Dell U2412M Color Quality

With that long write-up out of the way, you might expect that there was something in particular to the U2412M that led me to explain our testing and results. There initially was but it actually proved to be a software issue; still, I thought the explanation on the previous page would be useful for everyone. For our uncalibrated measurements, I used the profile included on the CD, set the brightness to 200 nits, and then measured using the i1Pro meter.

Color Tracking -  XR Pro, Xrite i1D2 and XR i1DPro

Here we see a score over 7, which is about what we expect to see on a monitor straight out of the box. Comparing this to previous displays isn’t easy to do as most of those used the i1Display2, which isn’t nearly as accurate as the i1Pro is. Of course, all displays do better once calibrated, so I kept the brightness target at 200 nits, with a white point target of D65, gamma of 2.2, and minimum black target.

Color Tracking -  XR Pro, Xrite i1D2 and XR i1DPro

Color Tracking -  XR Pro, Xrite i1D2 and XR i1DPro

The errors for the Dell look very similar to what we have seen on other monitors. The color gamut is not AdobeRGB, so some of the patches are outside of the range for the display and can’t be rendered correctly. This leads to the spikes in the chart for blue samples and the higher average dE. We included the median dE number so you can see that the value drops quite a bit if we look at that. Everything other than blue is pretty good, and the grayscale is right around 1. So this is nice overall, though not perfectly accurate due to the color gamut and possibly due to the 6-bit panel. Now we will profile again to see if the results are similar with a target of 100 nits instead of 200 nits.

Color Tracking -  XR Pro, Xrite i1D2 and XR i1DPro

The error seems to rise a bit here, most notably in the grayscale that you would want to keep very neutral for print work. Most colors stay below 3.0 in their error (which is considered the threshold of being visible to the naked eye in motion) but again the blues are past that and errors would be visible to someone that was looking. For serious print work, you probably need to look for something that can use the full AdobeRGB gamut.

Delta E Testing and Why Our Numbers are Different Dell U2412M Color Uniformity and Color Gamut
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  • Finraziel - Friday, March 02, 2012 - link

    Perhaps if all you do on that screen is play games, yes... Personally, I'd LOVE 120 hz, I can often still see chopping at 60hz and hate it. But, so far, getting a 120hz monitor means you have to compromise at just about everything else. I also hate the colourshifts in TN screens and I do other stuff on my system as well for which I really don't want to go to a 1080p screen (yes, I'd miss those 120 lines). If anything, if I'm buying a new screen, I want more desktop space, not less.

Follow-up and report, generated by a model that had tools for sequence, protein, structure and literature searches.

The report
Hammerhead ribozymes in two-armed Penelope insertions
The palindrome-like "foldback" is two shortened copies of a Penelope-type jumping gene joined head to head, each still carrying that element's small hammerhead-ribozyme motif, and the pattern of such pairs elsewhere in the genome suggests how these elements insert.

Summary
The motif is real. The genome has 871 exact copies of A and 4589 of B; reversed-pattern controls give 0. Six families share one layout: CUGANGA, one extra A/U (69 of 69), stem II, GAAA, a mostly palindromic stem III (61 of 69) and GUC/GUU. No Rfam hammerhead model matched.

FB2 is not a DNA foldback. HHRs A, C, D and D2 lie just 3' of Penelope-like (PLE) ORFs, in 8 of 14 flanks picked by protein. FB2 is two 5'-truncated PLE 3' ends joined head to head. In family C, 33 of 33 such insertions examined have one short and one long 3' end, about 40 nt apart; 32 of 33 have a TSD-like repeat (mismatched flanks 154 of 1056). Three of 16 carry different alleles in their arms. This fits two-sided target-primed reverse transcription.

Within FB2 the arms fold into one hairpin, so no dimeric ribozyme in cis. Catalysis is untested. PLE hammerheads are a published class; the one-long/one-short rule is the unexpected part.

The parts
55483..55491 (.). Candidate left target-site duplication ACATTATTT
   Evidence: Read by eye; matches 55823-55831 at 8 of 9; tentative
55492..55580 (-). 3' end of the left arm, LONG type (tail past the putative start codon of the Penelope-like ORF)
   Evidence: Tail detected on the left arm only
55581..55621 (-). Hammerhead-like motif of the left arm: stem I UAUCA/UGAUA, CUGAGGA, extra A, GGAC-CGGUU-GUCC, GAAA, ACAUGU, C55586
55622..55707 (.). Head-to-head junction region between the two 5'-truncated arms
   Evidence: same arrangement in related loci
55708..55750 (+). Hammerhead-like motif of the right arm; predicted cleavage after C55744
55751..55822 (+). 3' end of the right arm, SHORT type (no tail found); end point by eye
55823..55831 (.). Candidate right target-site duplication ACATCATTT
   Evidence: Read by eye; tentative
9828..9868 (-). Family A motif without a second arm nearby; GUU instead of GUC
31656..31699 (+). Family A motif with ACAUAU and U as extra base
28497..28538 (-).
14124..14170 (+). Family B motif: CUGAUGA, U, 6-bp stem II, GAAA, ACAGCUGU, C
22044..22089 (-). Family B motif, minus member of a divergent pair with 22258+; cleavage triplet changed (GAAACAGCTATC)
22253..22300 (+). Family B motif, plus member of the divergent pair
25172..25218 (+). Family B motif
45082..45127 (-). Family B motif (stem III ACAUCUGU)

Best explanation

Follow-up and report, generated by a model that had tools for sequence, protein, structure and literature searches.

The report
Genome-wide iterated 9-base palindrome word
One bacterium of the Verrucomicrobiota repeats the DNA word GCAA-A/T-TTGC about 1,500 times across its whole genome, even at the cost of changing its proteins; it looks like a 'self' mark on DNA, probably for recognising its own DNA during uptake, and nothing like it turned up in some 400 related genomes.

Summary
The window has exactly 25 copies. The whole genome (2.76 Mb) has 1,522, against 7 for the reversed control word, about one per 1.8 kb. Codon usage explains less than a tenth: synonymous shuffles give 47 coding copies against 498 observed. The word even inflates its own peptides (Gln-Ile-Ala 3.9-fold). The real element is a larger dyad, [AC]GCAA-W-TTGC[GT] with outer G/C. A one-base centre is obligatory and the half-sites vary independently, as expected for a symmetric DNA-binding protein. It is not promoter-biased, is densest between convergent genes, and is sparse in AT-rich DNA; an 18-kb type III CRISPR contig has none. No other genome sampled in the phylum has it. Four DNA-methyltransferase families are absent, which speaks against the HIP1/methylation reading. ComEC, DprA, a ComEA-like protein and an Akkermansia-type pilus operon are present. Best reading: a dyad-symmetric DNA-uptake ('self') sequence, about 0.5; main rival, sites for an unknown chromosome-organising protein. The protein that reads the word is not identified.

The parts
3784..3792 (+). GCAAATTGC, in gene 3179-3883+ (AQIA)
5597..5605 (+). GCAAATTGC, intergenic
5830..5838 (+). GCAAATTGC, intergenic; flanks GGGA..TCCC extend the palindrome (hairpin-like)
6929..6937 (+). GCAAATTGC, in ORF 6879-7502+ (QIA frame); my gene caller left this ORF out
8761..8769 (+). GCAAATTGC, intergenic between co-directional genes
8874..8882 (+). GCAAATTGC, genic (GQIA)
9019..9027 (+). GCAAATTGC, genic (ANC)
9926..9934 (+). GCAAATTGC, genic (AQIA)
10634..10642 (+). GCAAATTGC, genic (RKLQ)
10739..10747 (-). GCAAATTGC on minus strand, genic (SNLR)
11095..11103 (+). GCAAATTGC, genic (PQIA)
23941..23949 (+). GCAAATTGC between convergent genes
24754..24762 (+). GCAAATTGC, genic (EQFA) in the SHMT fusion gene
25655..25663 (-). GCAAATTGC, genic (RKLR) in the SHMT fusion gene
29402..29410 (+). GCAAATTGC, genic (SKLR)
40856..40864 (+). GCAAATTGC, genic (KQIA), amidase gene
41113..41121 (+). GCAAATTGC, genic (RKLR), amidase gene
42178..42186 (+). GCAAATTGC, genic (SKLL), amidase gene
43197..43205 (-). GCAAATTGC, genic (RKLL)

Maybe new display technologies will make it possible to offer 120 hz at higher resolutions and better display quality. Until then I guess I'll stick with my old dell 2405FPW...
    Reply
  • T2k - Thursday, March 01, 2012 - link

    You must be blind. Reply
  • Sabresiberian - Tuesday, February 28, 2012 - link

    This IS a review of a quality monitor. It might not fit your needs, but it is above any TN screen, and priced in the ballpark of the best of those. It isn't intended to be the best out there, but provide a decent 16:10 at a relatively low price point.

    Anandtech.com reviews a wide variety of monitor qualities, if you think they just do low-quality monitors you must have just started reading here and need to learn how to look up past articles. It's not hard.

    ;)
    Reply
  • toyotabedzrock - Wednesday, February 29, 2012 - link

    He/She wasn't attacking anantech.

    And this screen is not much better than a TN monitor except in viewing angles.
    Reply
  • seapeople - Wednesday, February 29, 2012 - link

    Wow, you screen snobs are getting overbearing. Reply
  • SlyNine - Thursday, March 08, 2012 - link

    Yea, because saying this screen isn't much better then a TN monitor makes him a screen snob...

    You don't own a Dell U2412M by any chance do you ?
    Reply
  • DarkUltra - Tuesday, February 28, 2012 - link

    It should have said so in the header. Now it says only IPS which is misleading, aka getting more hopeful visitors. Reply
  • Visual - Wednesday, February 29, 2012 - link

    Totally agree, calling eIPS IPS is downright lieing to your readers. Reply
  • Tetracycloide - Wednesday, February 29, 2012 - link

    Panel Type eIPS

    What are you on about exactly?
    Reply
  • Visual - Thursday, March 01, 2012 - link

    Article title. Reply

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